Simulcast continues that tradition, and if you find the formula has not worn thin, it is easy to love. Retaining the shorter format of their recent works, the eight songs of the album keep the mood light. With evolving beats, “Alright” offers unfamiliar drum patterns and dreamy synths that wash against the shore. “Outer Sunset” goes deep into the break-beat patterns but drives forward with haunting guitar lines. The driving metaphor even comes full circle, as “PCH” delivers a frantic, haunting mood that feels faster than many of the Tycho tracks laid before it.
Needing the escape from the tumult of the year? Turn to Tycho’s Simulcast for a respite.
Degs – Letters From Ndegwa
Degs was one of the most stunning finds out of Hospital Records in years. The young MC blends his rhymes and sings brilliantly to cascade into the psyche of listeners. He is catchy without relying on audaciousness or brashness. This debut album, Letters From Ndegwa, represents a stunning achievement: one that celebrates collaboration in artistry while retaining a pillar of an auteur. This drum and bass-fueled album features a who’s who of Hospital collaborators (S.P.Y, Logistics, and Unglued) and brings plenty of freshness to the day.
From the opening “Driving Under Lights” to the closing “Pamoja Forever,” Degs shines. Effortless bliss is the offering here. Some of my favorite selections include the groovy two-step of “Levitate Your Mind,” the melancholy ballad of “4 Days,” the duet of “Trade Places,” and the strength of the story within “Crusade.” Degs also covers the seminal “Killer” – originally a Seal and Adamski collaboration – and his variant offers lots to love. Seriously, this remains one of the most entertaining albums of this year.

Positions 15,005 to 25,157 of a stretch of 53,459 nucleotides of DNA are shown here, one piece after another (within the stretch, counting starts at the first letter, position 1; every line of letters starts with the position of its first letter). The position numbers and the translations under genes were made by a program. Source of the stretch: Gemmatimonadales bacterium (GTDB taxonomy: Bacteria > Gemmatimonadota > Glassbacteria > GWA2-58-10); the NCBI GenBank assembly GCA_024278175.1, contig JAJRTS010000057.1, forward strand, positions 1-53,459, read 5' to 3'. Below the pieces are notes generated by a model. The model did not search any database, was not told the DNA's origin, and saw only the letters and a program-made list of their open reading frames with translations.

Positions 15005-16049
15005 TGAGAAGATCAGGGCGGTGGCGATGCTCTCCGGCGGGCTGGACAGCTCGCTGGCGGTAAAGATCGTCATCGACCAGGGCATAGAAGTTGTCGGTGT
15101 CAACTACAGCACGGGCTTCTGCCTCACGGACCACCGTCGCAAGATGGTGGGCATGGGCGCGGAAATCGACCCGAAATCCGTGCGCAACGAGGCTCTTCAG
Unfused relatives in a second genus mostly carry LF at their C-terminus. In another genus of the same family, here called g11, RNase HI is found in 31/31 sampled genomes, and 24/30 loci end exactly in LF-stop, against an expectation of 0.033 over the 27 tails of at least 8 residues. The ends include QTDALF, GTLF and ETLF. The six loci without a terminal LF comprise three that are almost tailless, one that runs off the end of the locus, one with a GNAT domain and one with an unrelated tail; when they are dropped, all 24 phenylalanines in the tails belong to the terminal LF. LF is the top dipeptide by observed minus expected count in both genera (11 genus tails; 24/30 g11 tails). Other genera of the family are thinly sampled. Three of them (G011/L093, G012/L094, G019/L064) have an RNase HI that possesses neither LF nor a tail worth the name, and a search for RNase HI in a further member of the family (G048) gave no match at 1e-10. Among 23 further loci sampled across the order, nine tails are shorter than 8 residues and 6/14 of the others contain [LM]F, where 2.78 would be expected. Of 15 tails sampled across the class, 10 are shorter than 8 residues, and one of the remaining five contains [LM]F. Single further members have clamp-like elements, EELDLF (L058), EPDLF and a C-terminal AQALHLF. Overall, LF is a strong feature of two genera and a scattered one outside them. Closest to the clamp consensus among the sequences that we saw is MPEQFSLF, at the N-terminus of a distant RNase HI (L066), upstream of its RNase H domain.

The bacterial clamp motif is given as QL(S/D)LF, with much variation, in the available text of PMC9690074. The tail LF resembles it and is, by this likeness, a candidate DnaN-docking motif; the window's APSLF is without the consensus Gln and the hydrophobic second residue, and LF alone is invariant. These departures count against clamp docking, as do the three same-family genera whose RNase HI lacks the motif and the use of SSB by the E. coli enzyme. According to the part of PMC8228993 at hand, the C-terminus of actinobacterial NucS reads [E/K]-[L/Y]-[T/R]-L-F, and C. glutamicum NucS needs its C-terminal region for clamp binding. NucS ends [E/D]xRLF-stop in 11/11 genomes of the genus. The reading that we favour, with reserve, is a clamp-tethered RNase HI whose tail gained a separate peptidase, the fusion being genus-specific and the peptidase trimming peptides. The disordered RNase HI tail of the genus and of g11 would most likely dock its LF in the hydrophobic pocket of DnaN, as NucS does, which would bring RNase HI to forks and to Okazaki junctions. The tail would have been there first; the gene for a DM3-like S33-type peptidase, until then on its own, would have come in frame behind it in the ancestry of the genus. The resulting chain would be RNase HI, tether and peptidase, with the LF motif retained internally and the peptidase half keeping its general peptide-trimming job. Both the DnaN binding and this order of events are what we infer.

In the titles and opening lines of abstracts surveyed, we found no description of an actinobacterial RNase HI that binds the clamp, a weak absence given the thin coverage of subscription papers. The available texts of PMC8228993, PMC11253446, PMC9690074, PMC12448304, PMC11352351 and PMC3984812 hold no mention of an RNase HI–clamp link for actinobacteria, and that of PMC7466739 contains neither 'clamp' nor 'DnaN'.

Draft your letter today by adding this album to your collection!
Tale Of Us – Afterlife presents Unity
Normally, I keep these lists focused solely on artist albums. 2020 is not a normal year. Unity is not the standard techno compilation either, thanks to the care-taking of Tale Of Us. Unity showcases the giving nature of artistry in the state of a worldwide pandemic. Tale of Us, and the thirty-one (31) tracks they pulled together, produced Unity as a work of giving. They noted they would donate all proceeds of the album to the Coronavirus relief fund of Lombardia.
Released with the moniker of “Out of darkness can only come light,” Unity crafts an early look at the dance floors of 2020, where the home becomes the stage we all enjoy. I won’t spell everything out here: this journey of sound is over three and a half hours long, and in so doing runs the wide breadth of what Afterlife offers from dusk to sunrise. Turn it up, close your eyes, and let the music wash through you.
Escape into the unknown and support the continued resolution of this pandemic by purchasing this one by clicking here!
Pleasurekraft – Love In The Age Of Machines